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The div and add functions are located randomly in my package structure. I have a function with this signature:

def calc(x, y, func_name='add')

How do I implement this function?

My idea is to import all the modules, then use the dir function, like so:

def import_submodules(package, recursive=True):
    """ Import all submodules of a module, recursively, including subpackages

    :param package: package (name or actual module)
    :type package: str | module
    :rtype: dict[str, types.ModuleType]
    """
    if isinstance(package, str):
        package = importlib.import_module(package)
    results = {}
    for loader, name, is_pkg in pkgutil.walk_packages(package.__path__):
        full_name = package.__name__ + '.' + name
        print 'full_name =', full_name
        results[full_name] = importlib.import_module(full_name)
        if recursive and is_pkg:
            results.update(import_submodules(full_name))
    return results

def create_symbol_module_d(module_name_module_d, include=None, exclude=None):
    """ Create mapping of symbol to module

    :param module_name_module_d
    :type module_name_module_d: dict[str, types.ModuleType]
    :rtype: dict[str, types.*]
    """
    inv_res = {}
    for mod in module_name_module_d.itervalues():
        for sym in dir(mod):
            if include and sym in include:
                inv_res[sym] = mod
            elif exclude and sym not in exclude:
                inv_res[sym] = mod
            else:
                inv_res[sym] = mod
    return inv_res

Then I can just do:

sym2mod = create_symbol_module_d(import_submodules('package_name'))
def calc(x, y, func_name='add'):  return sym2mod[func_name](x, y)
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  • \$\begingroup\$ Are you only adding custom computation for your custom type? Then all you might need is to implement some special methods. \$\endgroup\$ Oct 22 '15 at 9:52
  • \$\begingroup\$ Thanks, but this calc is just a simple example. My real use-case is for a pseudo plugin system. \$\endgroup\$
    – A T
    Oct 22 '15 at 10:02
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Well I'm going to start by saying that your end result is confusing. sym2mod and create_symbol_module_d aren't clear names that indicate what's going on. In particular I don't know why this would be necessary, so it wouldn't occur to me that these are custom adding and dividing functions that are placed so erratically in a package that you can't even find them. Also there is already an operator module that contains these functions. If yours are more specialised or complex, then you should use different names to distinguish them and reduce confusion.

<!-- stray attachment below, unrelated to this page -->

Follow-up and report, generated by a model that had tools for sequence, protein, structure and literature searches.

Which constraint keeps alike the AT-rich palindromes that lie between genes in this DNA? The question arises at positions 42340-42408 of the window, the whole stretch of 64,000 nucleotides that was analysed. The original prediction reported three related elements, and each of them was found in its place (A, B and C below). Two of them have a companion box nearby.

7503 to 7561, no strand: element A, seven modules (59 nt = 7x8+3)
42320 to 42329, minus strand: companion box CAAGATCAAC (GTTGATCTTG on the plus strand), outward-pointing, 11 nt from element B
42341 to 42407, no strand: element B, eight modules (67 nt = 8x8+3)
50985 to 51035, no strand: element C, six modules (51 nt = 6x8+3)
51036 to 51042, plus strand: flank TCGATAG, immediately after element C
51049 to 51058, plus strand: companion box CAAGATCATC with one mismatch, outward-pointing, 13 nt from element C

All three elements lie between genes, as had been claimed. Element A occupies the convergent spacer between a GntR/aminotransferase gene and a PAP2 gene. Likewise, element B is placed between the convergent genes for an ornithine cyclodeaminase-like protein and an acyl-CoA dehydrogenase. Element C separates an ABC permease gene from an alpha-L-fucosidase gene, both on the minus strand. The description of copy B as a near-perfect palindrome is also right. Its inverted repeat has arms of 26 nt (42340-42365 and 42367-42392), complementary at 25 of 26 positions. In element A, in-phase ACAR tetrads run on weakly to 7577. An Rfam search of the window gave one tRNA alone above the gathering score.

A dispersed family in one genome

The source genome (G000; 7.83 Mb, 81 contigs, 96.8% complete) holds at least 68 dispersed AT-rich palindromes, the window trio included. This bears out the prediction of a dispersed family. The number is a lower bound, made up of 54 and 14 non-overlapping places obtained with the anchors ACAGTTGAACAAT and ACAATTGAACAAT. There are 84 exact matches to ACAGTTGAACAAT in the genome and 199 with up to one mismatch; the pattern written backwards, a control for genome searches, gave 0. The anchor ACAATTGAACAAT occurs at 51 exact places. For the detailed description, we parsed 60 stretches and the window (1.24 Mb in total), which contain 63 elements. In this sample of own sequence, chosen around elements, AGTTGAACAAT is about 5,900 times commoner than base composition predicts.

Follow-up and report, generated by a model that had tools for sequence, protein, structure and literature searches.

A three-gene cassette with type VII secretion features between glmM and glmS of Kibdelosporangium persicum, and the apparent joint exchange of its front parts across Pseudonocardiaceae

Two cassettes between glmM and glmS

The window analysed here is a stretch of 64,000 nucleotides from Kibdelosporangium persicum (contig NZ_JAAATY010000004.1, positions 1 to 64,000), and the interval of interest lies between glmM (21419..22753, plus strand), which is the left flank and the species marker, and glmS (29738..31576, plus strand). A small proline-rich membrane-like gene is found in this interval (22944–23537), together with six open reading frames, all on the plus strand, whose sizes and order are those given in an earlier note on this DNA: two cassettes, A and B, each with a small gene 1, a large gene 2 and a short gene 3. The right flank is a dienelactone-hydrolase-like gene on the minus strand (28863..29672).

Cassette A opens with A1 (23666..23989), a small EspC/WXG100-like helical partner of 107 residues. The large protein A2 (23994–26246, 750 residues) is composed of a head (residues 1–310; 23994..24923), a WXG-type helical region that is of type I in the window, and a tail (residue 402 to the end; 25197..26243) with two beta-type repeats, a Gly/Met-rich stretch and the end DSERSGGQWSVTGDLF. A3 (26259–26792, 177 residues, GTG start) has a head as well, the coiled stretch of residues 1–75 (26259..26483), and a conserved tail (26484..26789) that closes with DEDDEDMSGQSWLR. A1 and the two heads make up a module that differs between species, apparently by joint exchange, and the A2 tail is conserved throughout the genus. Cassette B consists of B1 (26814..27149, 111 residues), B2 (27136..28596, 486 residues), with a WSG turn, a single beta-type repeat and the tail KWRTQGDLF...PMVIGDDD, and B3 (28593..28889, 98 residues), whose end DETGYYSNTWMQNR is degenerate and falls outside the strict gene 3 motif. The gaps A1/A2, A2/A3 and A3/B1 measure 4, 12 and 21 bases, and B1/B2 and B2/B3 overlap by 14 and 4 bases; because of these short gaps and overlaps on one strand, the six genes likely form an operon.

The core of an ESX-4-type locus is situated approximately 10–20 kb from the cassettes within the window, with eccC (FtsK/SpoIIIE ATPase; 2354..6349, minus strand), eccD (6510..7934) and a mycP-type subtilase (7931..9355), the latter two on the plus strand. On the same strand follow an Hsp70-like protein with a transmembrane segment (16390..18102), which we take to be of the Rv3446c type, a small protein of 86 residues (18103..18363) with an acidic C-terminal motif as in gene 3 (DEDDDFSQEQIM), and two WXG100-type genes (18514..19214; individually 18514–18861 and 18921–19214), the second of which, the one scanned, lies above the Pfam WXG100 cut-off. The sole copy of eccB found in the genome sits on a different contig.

Which brings me to another problem, why are they in random places? It sounds like your problem entirely exists just because of the package structure. To me that means you ought to improve the actual structure rather than treating the symptom of the problem.

Anyway, onto your actual functions. The docstring for import_module is a little off. It says the import is recursive, but it isn't necessarily recursive, it's optionally so. I don't think you need to mention it since it's easy to see the arguments with introspection. ie.

>>> help(import_submodules)
Help on function import_submodules in module __main__:

import_submodules(package, recursive=True)
    Import all submodules of a module, recursively, including subpackages

The fact that your importer is also printing out messages could be quite a problem for people who might have a large package, and there's no way to turn it off! I'd add an argument like logging and default it to False. Only print if its been explicitly asked for. After all there's a dictionary record of the importing that can be inspected for what was imported.

create_symbol_module_d is quite confusing to me. It's a bad name, so is module_name_module_d. They're both long and communicate little. Then there's include and exclude. Are they meant to be lists of symbols like ['+', '-', '/']? You give no examples or indication. Then when I look at what they do... they do nothing! In every result of your if statements you end up just performing the same test. In the current function there's no need for if statements at all, let alone include and exclude. This is equivalent to your function:

def create_symbol_module_d(module_name_module_d, include=None, exclude=None):
    """ Create mapping of symbol to module

    :param module_name_module_d
    :type module_name_module_d: dict[str, types.ModuleType]
    :rtype: dict[str, types.*]
    """
    inv_res = {}
    for mod in module_name_module_d.itervalues():
        for sym in dir(mod):
            inv_res[sym] = mod
    return inv_res

You need better names and documentation for me to even be able to give feedback on it. I also don't know what inv_res is or means.

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